The European commission wants to clarify key aspects of the law “which have been a source of difficulty for passengers and air carriers alike” and has proposed a number of changes as a result. All are subject to approval by member states and the European parliament and, if passed, won’t become law until 2015.
Here is a breakdown of what is on the cards:
Information on delayed or cancelled flights Airlines will be obliged to inform passengers as soon as possible that a flight has been delayed or cancelled – at present there are no requirements about how much information they must give and when.
Under the new rules, information must be given no later than 30 minutes after the scheduled departure time. As soon as a new departure time is known that information must be passed on.
Extraordinary circumstances The term “extraordinary circumstances” is very important, as under those circumstances air carriers are not required to pay compensation to passengers. The commission concluded the term is not clearly defined in the current regulations.
Its proposal defines “extraordinary circumstances” as those which are “not inherent in the normal exercise of the activity of the air carrier concerned and are beyond its actual control”. It provides examples: natural disasters or strikes by air traffic controllers should be seen as extraordinary; technical problems identified during routine aircraft maintenance should not.
Long delays and runway delays Passengers’ rights to care and assistance will be activated following a two-hour delay, whatever the flight distance – currently they are not entitled to anything until they have been delayed for four hours, depending on the length of their flight.
However, the rules on how many hours passengers have to wait before they can claim compensation will become more complicated. Passengers can currently claim on delays from three hours, except in “extraordinary circumstances”. This will change to five hours for all intra-EU flights and short international flights of fewer than 3,500km. For the remaining international flights the deadline will be nine hours for flights of fewer than 6,000km and 12 hours for flights of more than 6,000km.
According to the commission, the aim is to “give the air carriers a reasonable time to solve the problem and encourage them to operate the flight, not just cancel it.”
Passengers stuck on flights already on the runway will be given a right to refreshments/meals and to get off the flight after five hours. Where the delay exceeds one hour they will be given access to air conditioning, use of toilets, medical assistance and drinking water.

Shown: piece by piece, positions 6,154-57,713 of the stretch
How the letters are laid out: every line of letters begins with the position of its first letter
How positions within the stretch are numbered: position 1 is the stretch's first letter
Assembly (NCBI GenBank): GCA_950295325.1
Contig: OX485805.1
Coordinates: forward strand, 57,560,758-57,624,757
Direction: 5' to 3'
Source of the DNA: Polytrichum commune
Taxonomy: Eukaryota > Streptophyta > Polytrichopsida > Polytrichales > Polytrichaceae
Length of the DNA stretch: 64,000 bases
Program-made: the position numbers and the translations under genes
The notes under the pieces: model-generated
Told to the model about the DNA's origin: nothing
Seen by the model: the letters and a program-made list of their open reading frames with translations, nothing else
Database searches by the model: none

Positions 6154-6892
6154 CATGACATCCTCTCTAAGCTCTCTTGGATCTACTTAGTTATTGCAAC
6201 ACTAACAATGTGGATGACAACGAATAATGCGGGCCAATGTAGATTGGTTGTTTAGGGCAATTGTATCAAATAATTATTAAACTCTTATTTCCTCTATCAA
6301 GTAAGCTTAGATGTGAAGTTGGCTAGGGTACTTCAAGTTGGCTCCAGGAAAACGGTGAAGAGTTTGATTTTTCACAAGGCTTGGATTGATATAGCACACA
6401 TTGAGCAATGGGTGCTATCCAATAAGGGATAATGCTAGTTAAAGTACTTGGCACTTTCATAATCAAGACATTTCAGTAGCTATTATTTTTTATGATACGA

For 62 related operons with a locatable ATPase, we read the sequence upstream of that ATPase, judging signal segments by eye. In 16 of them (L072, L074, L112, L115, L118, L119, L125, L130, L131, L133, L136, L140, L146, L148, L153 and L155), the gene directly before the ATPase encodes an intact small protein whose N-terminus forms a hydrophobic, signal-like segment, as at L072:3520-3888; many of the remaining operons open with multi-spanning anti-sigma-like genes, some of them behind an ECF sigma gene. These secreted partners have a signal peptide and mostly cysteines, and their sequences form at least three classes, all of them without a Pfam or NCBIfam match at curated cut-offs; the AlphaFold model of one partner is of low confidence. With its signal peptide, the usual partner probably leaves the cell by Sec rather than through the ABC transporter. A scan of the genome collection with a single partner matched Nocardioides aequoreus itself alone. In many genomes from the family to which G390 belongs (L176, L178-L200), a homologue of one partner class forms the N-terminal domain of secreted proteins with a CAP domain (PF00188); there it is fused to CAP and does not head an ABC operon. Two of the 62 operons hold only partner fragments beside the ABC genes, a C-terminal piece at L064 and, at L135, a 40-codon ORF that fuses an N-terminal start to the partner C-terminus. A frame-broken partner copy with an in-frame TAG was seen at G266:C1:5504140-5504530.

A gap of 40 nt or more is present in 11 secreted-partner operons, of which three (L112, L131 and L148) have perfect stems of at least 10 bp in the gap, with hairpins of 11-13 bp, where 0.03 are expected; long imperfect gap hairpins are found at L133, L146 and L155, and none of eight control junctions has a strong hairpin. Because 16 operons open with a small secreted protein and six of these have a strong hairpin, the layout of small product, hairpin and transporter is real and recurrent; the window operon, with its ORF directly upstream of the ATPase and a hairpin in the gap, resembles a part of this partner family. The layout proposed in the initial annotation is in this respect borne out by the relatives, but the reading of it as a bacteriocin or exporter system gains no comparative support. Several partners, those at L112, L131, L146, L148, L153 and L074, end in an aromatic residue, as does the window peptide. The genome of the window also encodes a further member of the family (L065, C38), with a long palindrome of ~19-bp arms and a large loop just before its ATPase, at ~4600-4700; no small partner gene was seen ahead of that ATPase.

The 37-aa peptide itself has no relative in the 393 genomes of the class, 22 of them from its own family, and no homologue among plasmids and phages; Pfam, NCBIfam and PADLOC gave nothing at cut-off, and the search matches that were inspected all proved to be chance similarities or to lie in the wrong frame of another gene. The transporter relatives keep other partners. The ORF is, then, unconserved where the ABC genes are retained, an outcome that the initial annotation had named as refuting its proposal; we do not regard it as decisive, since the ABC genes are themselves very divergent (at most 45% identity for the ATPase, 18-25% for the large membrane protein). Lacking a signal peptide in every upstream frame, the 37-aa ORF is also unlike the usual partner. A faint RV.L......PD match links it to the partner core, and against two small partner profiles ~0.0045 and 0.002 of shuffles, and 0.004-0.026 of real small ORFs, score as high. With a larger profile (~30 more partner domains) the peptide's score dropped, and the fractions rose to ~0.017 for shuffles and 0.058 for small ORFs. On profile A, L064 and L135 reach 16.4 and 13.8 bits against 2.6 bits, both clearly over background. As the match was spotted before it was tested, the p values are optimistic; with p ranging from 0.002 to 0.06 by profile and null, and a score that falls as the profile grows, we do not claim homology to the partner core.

Rerouting Currently, passengers may be stranded for a long time while waiting for rerouting with another flight belonging to the same carrier. The EU says that where the air carrier cannot ensure the rerouting within 12 hours on its own services, it must offer it with other air carriers or other transport modes where available.
Connecting flights The rights to assistance and to compensation where a passenger misses a connecting flight because their first flight was late are currently not clearly defined. The proposal clearly defines these rights as being the same as for passengers of any delayed flight (as outlined above).
Misspelt names Under the proposal the passenger may request – free of charge – the correction of spelling mistakes in their name up to 48 hours before departure.
No Show policy (partial use of ticket /return flights) Following complaints from passengers, this proposal establishes that a passenger may not be denied boarding on the return flight of their ticket on the grounds they did not take the outbound part of it.
Complaint handling Airlines will have to provide clear complaint-handling procedures such as a web form to fill in or an email address. They will also have to reply to passengers within given deadlines – one week for the acknowledgement of receipt and a formal reply within a deadline of two months.
Limit to assistance Under current rules, air carriers must provide refreshments, meals and accommodation for an indefinite period of time. Under the new proposals the provision of accommodation will be limited to three nights in exceptional circumstances. This does not apply to passengers with reduced mobility, persons accompanying them, unaccompanied children, pregnant women, or persons with specific medical needs.
This article originally appeared on guardian.co.uk
The full FAQs on the new passenger rights in Europe, embedded below:
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Photo credit: Passenger rights for flying through European airports like Heathrow just got a lot stronger. eGuide Travel / Flickr.com